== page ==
3.Provide three Issue related factors in ethical decision making to explain the residents’ unwillingness to act against the mine company. Use case material to illustrate your arguments.
4.Give two Examples of how Xstrata can promote Ethical Decision Making in the mine as a Workplace. Use case Material to Illustrate your arguments.
1.The reasons behind the government not having a fundamental commitment to the issue of the company polluting the environment are because the enterprise is a greater contributor offering many local people of Mount Isa jobs. The company also has put into place systems to reduce pollution by removing pollutants in the Mount Isa River and projects intended to reduce pollution. The manager of the company argues it has the most extensive system in Australia. However, the government has the duty to regulate the business instead of letting it manage its emission as it may be biased (Crane, Matten, & Spence, 2008).
2.Carry out intensive research on the complaints that the locals bring about the lead emissions and the duties of the company to make better decisions on the steps to take.
Consult when making a decision and take into considerations the finding of other researchers instead of arguing they are baseless to cover a situation they are clearly aware it is dangerous.
Be ethical in making decision to protect the people from any harm. It is unethical for them to allow the company destroy the lives of the people regardless of the contributions to the economy. Firms have an obligation to conserve the environment (Weber, 2008, pp. 247-261).
The findings reveal that the areas are not safe for people to live but they argue that all this are false as some have lived there for many years without any effects. Workers are not aware of precautionary measures, and they wash their overalls at homes like Jeffrey increasing the infection rates. Vehicles from the mine leave when they are dusty, and this increases pollution
The individuals are ignorance of the fact that there is pollution; they do not care as long as the effects are not affecting their lives. The people are only thinking of the financial benefits they get from the company because of employments. Louise Armstrong, an indigenous inhabitant, does not believe lead pollution and does not care to test his children. The company had not started mining, so there was no exposure before.
Dependency on the enterprise.
The people depend on the company both directly and indirectly for survival. The company has employed 4000 people, and 5000 rely on it indirectly. These factors make the people unable to act against the company as it is the source of their daily incomes.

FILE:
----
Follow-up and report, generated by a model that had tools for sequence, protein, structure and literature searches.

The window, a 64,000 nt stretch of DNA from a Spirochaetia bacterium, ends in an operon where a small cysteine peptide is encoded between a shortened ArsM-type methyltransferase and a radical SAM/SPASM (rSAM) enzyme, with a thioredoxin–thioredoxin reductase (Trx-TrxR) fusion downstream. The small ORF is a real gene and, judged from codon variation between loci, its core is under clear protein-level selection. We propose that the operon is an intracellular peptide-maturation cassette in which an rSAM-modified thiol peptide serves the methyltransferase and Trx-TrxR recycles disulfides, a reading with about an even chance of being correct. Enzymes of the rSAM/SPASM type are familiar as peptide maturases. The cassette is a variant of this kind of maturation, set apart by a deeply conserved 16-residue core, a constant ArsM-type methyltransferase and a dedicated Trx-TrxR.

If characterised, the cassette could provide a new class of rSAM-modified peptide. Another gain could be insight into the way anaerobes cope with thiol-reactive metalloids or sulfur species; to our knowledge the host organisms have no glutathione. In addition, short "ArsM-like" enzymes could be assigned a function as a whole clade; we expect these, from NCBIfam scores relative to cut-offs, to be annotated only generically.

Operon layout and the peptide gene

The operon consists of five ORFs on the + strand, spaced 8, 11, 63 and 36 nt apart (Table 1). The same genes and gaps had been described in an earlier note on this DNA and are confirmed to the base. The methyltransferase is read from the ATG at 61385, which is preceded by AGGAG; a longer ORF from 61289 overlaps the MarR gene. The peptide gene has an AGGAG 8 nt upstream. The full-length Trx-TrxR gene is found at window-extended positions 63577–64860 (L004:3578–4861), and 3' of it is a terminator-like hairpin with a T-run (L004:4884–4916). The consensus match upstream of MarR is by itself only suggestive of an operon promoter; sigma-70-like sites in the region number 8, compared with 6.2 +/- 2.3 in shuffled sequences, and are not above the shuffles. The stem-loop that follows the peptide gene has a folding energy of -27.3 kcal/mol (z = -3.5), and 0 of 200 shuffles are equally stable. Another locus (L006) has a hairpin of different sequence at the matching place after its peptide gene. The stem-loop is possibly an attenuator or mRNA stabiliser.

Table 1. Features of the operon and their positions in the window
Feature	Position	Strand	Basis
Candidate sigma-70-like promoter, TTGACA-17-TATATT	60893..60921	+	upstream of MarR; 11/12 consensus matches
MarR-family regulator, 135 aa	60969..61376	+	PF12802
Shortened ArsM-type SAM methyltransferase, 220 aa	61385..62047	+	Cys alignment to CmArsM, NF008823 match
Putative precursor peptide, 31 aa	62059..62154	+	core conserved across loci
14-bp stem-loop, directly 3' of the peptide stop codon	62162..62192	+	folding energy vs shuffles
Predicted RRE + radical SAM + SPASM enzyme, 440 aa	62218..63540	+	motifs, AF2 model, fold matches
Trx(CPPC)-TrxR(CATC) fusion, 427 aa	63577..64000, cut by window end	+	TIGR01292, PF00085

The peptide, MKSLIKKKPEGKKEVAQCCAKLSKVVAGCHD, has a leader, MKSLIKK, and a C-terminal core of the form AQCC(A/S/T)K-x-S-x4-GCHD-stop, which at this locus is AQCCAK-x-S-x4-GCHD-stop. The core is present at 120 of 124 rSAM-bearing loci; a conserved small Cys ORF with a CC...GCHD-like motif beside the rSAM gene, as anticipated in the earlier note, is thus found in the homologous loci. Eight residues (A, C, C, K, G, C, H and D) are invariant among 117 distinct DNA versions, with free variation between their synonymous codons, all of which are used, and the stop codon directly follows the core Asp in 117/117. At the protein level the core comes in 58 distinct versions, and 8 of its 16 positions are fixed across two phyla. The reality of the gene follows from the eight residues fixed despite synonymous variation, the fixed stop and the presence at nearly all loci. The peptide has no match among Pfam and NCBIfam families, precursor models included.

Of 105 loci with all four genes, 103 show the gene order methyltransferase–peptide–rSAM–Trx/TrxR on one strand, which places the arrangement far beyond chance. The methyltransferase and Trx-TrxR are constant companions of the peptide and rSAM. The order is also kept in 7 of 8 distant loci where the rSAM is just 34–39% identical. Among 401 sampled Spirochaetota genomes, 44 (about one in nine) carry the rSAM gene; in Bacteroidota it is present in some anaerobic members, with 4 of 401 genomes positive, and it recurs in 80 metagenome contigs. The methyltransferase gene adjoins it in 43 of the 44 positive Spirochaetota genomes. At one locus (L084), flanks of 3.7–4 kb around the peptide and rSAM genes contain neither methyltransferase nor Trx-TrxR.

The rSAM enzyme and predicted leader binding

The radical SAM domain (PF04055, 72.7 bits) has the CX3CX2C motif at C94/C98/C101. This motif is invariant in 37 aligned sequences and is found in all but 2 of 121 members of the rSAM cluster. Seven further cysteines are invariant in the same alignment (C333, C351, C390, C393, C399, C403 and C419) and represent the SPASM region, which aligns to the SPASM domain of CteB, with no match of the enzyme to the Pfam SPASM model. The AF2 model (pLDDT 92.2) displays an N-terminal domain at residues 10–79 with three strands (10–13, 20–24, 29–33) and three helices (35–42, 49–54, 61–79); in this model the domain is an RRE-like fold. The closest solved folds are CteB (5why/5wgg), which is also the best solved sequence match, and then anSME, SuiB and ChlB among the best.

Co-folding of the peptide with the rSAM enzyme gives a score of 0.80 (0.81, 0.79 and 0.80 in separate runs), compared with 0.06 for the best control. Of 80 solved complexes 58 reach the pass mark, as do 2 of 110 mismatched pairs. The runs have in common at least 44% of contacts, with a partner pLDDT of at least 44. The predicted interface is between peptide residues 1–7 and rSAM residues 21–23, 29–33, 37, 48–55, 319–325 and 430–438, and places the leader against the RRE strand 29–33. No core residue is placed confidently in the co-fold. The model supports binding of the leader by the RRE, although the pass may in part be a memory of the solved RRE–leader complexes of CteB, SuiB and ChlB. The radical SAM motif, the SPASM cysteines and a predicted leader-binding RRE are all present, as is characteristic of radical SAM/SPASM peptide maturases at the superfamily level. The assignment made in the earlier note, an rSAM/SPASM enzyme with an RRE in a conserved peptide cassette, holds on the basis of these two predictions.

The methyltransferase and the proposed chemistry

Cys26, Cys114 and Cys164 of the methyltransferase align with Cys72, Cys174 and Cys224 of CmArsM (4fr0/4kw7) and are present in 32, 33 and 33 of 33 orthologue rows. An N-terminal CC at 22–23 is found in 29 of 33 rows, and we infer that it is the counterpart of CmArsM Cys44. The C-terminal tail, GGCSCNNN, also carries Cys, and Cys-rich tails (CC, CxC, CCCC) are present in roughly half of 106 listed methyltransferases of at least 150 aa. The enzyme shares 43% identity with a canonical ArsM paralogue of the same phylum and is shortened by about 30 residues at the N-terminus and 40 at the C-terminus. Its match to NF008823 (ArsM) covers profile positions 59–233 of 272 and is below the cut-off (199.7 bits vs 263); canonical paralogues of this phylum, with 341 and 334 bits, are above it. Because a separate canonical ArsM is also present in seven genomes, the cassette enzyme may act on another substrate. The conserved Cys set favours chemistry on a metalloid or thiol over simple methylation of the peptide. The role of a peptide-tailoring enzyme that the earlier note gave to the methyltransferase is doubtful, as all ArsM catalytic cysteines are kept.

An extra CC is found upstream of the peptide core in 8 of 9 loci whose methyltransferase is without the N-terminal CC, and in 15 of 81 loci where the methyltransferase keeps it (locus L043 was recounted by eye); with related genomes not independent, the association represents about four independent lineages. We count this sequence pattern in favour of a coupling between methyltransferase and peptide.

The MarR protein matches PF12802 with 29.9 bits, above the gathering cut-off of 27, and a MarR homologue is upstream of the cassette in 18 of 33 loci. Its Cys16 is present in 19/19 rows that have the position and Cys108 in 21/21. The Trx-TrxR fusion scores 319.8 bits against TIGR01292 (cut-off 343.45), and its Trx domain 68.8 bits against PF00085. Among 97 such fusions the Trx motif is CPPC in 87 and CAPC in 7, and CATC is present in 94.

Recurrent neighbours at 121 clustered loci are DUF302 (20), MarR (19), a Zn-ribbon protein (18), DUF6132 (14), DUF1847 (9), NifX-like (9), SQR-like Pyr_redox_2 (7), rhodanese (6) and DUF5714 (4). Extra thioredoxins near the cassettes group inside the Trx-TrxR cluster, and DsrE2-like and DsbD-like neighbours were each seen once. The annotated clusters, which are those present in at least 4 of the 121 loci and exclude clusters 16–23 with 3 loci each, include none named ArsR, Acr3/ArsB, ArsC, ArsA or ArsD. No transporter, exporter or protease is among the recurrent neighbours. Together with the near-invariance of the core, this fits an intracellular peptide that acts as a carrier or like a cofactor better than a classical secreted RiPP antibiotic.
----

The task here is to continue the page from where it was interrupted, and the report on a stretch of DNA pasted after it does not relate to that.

4.Control pollution of the company to the environment. It is true that the company is monitoring its emissions as Ed Turley, the company's environmental manager notes but it seems that something is wrong or cover-ups among the concerned parties. Research findings by Northern Territory's Charles Darwin University, Niels Munksgaard and Mark Taylor, of Sydney's Macquarie University, indicated that the mine was producing high levels of lead that other places like Romania and Japan yet their findings were ignored. The parents who are victims like Powe are assumed too, but the fact remains that the company is causing more harm to the people than good (Trevino, & Nelson, 2010).
Take responsibility and compensate the children who have been victims of the lead poisoning in Mount Isa. Brenda Oliver and her husband, Jeffrey come to the area to look for greener pastures, but the lead emission made their 13yr old son Ryan have learning and behavioural difficulties. Daphne Hare also came to work, but her daughter Stella recorded high levels of lead of 17mcg/dl and could frequently get sick. She decided to sue the parties involved before returning to her hometown. All this point to the evils of the company despite no actions taken to compensate the families for the harms they caused (De George, 2011).
5.I would surveys and questionaries to get information from the people. The two methods would enable me to get information from the people even those who fear to thunder in fears of losing their jobs. In this ways, true information will be obtained (Taylor, Bogdan, & DeVault, 2015).
6.Surveys and questionnaires may limit the range of data I received from the respondents making the research not useful. The respondents may be reluctant to give complete information on the fear of it being used against them in case it gets on unauthorized persons (Hoonakker, & Carayon, 2009, pp.348-373).
Crane, A., Matten, D., & Spence, L. J. (Eds.). (2008). Corporate social responsibility: Readings and cases in a global context. London: Routledge.
De George, R. T. (2011). Business ethics. Pearson Education India.
Hoonakker, P., & Carayon, P. (2009). Questionnaire survey nonresponse: A comparison of postal mail and internet surveys. Intl. Journal of Human–Computer Interaction, 25(5), 348-373.
Taylor, S. J., Bogdan, R., & DeVault, M. (2015). Introduction to qualitative research methods: A guidebook and resource. John Wiley & Sons.
Trevino, L. K., & Nelson, K. A. (2010). Managing business ethics. John Wiley & Sons.
Weber, M. (2008). The business case for corporate social responsibility: A company-level measurement approach for CSR. European Management Journal, 26(4), 247-261.